When i needed my friends...

Woman&Home - 2003

When your life goes into free fall, not all your friends take flight. Elaine Kingett writes about the people who stick around to see you through.

Disasters happen and whatever they are, whether it's the washing machine grinding to a standstill the night before a family holiday or your husband being diagnosed with terminal cancer, you need your friends. This is not a cautionary tale. A "Better be nice to Sonya who bores me stupid but who always offers to have the kids" edict. No one expects you to get on with everybody and, let's face it, some people are a right pain in the butt. This is more a tale of sheer wonderment at the extraordinary ability of some to support, nurture, understand and, above all, forgive and the heart-stopping ability of others to shove their faces in the sand and wave goodbye with their feet. My husband Jerry was diagnosed with plasma cell leukaemia in 1997. That's the dodgy leukaemia, the one that excites research professors for its incurable end - of - the - road status and terrifies the rest of us. Our middle-class Volvo, Victorian semi-detached lifestyle was thrown into disarray. Suddenly, my husband was the helpless member of the family, I was the carer and our three children, 17, 12, and eight, were mere shell-shocked ninepins toppling over at every opportunity. That same year, the 12-year-old was diagnosed as autistic and the 17-year-old had a nervous breakdown. Blimey, it all rolled in at once, didn't it?

Somebody to lean on?
My parents were in Cornwall, Jerry 's relatives were in Inverness and we lived in Brighton. During the subsequent three years of bone marrow transplants, chemotherapy, statementing, school expulsions and Prozac, it was our friends who absolutely kept us alive.
And just as there is Wa i t rose for good fish and Asda for cut price beer, so friends click into diff e re n t categories. There were those who thought that the bad karma of cancer would rub off on them; that by associating with our debilitated state they too would become tarnished. They didn't want their hermetically sealed bubble to be popped by the realisation that death would get them as well. We were dinner party friends and it's hard discussing your next holiday in Antigua if the person opposite is bald through chemo and wondering when his toenails are going to fall off.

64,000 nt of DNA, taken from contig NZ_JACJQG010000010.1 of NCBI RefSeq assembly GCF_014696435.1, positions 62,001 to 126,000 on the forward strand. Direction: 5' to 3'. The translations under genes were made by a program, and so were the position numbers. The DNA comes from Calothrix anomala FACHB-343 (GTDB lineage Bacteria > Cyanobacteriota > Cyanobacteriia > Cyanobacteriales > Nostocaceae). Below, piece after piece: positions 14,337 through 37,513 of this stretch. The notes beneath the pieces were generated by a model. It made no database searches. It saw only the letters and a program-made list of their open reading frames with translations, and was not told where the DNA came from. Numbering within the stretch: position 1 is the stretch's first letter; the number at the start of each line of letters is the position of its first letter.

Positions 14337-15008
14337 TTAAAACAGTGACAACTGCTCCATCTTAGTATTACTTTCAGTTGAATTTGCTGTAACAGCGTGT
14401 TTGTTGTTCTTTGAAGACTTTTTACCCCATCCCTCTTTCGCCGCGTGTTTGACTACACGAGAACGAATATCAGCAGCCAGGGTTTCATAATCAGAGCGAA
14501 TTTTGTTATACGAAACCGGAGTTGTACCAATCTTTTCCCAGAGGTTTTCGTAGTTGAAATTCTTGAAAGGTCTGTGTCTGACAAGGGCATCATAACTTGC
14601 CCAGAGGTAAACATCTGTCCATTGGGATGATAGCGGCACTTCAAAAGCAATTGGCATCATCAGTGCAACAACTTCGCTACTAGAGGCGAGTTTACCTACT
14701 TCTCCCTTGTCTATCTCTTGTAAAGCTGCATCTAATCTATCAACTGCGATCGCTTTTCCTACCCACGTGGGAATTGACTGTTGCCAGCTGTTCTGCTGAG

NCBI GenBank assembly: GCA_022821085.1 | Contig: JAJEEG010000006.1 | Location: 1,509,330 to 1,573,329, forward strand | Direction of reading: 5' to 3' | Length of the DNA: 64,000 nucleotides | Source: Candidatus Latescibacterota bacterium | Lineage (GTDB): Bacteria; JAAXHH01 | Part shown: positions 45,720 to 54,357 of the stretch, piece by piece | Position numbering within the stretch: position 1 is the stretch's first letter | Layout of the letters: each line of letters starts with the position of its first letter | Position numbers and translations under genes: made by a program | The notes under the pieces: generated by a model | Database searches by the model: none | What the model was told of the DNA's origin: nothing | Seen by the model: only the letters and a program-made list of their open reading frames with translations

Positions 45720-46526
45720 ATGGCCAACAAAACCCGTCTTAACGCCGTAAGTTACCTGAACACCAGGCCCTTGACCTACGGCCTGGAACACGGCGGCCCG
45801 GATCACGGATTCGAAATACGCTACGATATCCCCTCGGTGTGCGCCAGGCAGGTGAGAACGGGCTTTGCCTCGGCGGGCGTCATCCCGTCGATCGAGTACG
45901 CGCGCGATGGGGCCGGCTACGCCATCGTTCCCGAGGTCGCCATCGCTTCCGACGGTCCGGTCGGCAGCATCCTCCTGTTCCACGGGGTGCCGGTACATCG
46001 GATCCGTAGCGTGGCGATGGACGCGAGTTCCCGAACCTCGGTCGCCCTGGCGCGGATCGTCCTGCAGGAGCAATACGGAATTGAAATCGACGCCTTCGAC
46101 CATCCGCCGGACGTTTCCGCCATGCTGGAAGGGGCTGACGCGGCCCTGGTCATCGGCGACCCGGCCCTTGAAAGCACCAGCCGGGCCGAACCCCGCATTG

Male friends, so guiltily glad it wasn't them, were jolted into income protection insurance as they saw their traditional role as father and provider threatened by the destruction of Jerry 's life. I would catch them staring at him across a room, tears in their eyes, embarrassed by their own rude health and so moved by his fragility. But his conversations with Paul, Lloyd, Ludo or Ric were about model aeroplanes and jazz CDs, not death, and that made him feel normal and allowed him to escape from his new job description of cancer patient.

On the other hand, sometimes another person's crisis gives true friendship a focus, an opportunity to show, in practical terms, the love and respect that binds people together. Two days after Jerry was admitted t o hospital, when death seemed imminent, I had to "phone a friend". Joy worked for a solicitor and Jerry needed a will. In a noisy hospital corridor, I frantically scrawled down the format while she dictated over the phone. Suddenly, we'd been catapulted into an alien world of haematology and pharmaceuticals that others had only experienced on Casualty or ER. As a family we had to deal with it, we had no choice. For us, the emotive words "bravery" and "fight" were irrelevant and insulting. We had to swallow our pride and ask for help, over and over again.